It's so walkable. This is the inside of Edinburgh Castle.

It’s so walkable. This is the inside of Edinburgh Castle.

I discovered, after the quick tour, that Edinburgh is an exception to the rule: You don’t need the bus. It’s one of the world’s greatest “walkable cities.”

The tour wasn’t a complete wash since I learned some valuable facts. For example, people have lived in Edinburgh for 3,000 years. The Castle, which marks the city’s original center is placed on a plug from an extinct volcano. Oh! And the clock on the hotel over the railway station is set 10 minutes fast so people won’t miss their trains. They fix it for New Year’s Eve then change it back again.

The City from Holyrood Park.

The City from Holyrood Park, the largest public park in the U.K. The park’s path was first made after the Napoleonic Wars.

Anyway, following the tour, I hopped off the bus and walked the route to get a better sense of the city. It took about an hour to walk the entire city.

I wandered into another restaurant and there, shining brightly from the menu was the hallowed Haggis. So, I ordered it. I wish I could write about it as a monumental event in the way I wrote about cheese curds or guinea pig or bad sushi or rocky mountain oysters. But I can’t. It was fine. Nothing very special about it. Like most food in the United Kingdom it was virtually tasteless. Leave it to our friends from Great Britain to make sheep’s guts tasteless.

Just out of the frame are some public houses, in the middle is the outer section of the Palace, and on the right is Scottish Parliament.

Just out of the frame are some public houses, in the middle is the outer section of the Palace, and on the right is Scottish Parliament.

My favorite section was around Holyrood Palace. The site of the palace was selected in 1128 when King David I of Scotland was hunting and had a vision of a cross somehow held by a deer. The story is vaguely reminiscent of the strange vision of a “Merlion” that Prince had back in Singapore. Men and their tall tales of hunting glory…

Anyway, Mary Queen of Scots called the palace home from 1561 to 1567 (the only time in her life she spent in Scotland, which is a story in and of itself).

Today, the palace is the Monarch’s Official Residence in Scotland. So, even though Queen Elizabeth spends most of her summers at Balmoral in Scotland, she’s officially at Holyrood. Across the street from Holyrood is the Scottish Parliament. And — now here’s the best part — between the two (the Royal Palace and the Legislative Building) is public housing.

Yes, you read right. Public Housing. One of the most distinctive aspects of Scottish Culture is egalitarianism. Nowhere is this more evident than at the bottom of the Royal Mall where Queens, Commoners, and Crooks (whoops, I mean politicians) are on the same block!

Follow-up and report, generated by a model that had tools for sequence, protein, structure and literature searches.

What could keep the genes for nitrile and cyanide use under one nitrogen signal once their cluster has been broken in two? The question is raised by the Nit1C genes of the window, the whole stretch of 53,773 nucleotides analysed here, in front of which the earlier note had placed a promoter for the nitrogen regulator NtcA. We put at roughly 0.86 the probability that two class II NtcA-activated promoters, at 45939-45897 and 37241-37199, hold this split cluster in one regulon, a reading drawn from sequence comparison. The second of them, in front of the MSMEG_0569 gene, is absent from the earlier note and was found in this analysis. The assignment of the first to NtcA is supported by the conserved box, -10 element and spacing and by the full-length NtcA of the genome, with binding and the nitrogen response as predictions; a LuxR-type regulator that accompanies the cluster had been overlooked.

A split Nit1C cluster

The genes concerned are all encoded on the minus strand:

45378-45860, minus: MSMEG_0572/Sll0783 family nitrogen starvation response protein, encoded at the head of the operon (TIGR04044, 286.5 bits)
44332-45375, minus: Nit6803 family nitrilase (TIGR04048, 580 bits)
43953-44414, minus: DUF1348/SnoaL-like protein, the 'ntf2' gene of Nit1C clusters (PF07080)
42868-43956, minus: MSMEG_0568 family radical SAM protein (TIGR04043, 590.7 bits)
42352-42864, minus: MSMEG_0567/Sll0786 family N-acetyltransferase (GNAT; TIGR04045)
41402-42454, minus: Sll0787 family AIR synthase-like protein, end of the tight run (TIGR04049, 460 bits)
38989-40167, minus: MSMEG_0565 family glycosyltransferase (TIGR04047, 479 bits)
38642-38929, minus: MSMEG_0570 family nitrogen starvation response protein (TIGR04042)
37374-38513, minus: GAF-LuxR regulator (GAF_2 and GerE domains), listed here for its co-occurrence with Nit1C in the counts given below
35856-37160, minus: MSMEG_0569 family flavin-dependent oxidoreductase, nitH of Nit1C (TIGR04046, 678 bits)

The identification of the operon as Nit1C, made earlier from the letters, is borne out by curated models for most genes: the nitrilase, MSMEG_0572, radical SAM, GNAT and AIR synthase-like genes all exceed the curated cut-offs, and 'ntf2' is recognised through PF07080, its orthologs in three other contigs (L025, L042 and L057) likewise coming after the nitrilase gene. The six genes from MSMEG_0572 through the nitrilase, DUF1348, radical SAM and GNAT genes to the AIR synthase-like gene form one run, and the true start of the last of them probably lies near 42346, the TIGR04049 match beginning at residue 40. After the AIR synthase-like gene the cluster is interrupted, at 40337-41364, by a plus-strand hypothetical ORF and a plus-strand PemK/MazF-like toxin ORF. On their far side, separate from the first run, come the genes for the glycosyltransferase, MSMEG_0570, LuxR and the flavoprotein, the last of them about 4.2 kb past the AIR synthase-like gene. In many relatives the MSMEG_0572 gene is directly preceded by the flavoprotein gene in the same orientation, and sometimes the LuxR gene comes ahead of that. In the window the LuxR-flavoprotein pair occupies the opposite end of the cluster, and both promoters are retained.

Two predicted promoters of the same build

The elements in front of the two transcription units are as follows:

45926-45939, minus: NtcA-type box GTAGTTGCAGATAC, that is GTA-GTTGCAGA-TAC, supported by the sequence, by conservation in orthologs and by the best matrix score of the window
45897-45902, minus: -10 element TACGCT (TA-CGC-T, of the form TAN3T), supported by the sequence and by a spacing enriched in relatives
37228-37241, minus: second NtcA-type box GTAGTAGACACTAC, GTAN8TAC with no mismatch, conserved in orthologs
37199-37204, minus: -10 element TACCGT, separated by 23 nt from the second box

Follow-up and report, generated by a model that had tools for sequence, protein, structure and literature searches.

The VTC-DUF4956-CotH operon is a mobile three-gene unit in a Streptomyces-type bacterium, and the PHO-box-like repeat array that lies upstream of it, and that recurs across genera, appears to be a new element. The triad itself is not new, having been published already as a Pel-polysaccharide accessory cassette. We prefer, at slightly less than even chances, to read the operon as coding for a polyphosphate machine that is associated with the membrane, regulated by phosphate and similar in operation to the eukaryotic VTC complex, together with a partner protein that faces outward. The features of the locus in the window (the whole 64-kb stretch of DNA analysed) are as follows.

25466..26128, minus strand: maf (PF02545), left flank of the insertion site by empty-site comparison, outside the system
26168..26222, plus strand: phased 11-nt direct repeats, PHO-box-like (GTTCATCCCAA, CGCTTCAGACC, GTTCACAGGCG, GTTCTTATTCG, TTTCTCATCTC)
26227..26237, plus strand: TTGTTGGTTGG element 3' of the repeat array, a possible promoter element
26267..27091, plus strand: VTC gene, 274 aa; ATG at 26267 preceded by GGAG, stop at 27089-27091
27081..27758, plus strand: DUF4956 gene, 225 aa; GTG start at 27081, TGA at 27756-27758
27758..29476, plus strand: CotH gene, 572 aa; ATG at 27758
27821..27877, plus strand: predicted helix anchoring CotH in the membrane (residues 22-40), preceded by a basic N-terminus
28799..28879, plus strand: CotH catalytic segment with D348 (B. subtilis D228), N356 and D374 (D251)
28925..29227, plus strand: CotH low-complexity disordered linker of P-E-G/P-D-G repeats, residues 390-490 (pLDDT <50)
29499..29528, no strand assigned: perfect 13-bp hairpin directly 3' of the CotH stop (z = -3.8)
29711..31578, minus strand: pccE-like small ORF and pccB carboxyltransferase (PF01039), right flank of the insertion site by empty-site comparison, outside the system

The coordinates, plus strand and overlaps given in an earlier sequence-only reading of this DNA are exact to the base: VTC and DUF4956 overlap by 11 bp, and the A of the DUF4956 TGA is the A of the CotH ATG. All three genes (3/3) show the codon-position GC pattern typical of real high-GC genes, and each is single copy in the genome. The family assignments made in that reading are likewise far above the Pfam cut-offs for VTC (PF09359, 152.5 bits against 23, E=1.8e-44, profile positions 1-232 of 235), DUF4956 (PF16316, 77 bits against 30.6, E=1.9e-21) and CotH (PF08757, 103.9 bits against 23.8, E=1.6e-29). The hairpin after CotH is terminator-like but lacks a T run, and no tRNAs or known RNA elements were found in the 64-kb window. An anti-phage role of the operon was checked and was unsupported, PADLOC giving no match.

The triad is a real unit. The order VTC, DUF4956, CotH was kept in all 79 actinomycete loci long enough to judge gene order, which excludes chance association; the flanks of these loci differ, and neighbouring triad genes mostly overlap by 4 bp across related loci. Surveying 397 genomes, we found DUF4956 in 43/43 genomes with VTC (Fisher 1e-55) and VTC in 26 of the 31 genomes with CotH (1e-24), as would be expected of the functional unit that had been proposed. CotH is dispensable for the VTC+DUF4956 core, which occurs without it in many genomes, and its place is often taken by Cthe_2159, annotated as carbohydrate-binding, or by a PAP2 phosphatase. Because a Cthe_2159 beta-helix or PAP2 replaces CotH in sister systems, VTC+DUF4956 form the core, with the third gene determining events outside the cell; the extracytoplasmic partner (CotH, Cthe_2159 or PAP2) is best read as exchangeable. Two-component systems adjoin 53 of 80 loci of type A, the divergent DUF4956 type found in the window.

The Scottish Parliament Building was supposed to cost £40 million. It ended up costing £414 million (US$641 million). Ouch

The Scottish Parliament Building was supposed to cost £40 million. It ended up costing £414 million (US$641 million). Ouch.

As Edinburgh grew, tenements (or apartment buildings) were constructed everywhere. People were slotted in wherever it was possible. And, because these tenements were made of wood, fire was a constant danger. As a result, the closer you were to the door, the better off you were. In fact, it was only recently that a Penthouse became a good thing. In the past, the higher up you were, the poorer you were. After all, a higher floor meant death was more likely in a fire.

Edinburgh Castle from below.

Edinburgh Castle from below.

I loved Edinburgh. When traveling, my favorite activity is to wander around a city on foot. Sometimes it works. Like in Edinburgh. Other times, it’s awkward. Like in Los Angeles. For the most part, walking around Edinburgh is easy. The only admonition is to watch where you step. Especially early on a Saturday or Sunday morning. You’ve got to keep an eye out for the vomit from last night’s very drunk Scotsmen.

In short, Edinburgh has replaced Cape Town as my favorite city.

Scotland's drinking culture has real impact on daily life here.

Scotland’s drinking culture has real impact on daily life here.

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5 Responses

  1. Jean King says:

    Brings back memories of the travelogues you and Haynes wrote for the newspaper!

  2. Amir says:

    Love it ! Always interesting to hear an American’s view on the British (or Scottish ) . You definitely got the drinking part right ! Next stop …. try Glasgow and the Highlands !

  1. December 14, 2016

    […] too. Called the Darien Scheme, their ill-fated attempt to recreate the splendor of Scotland in the south failed almost before it began […]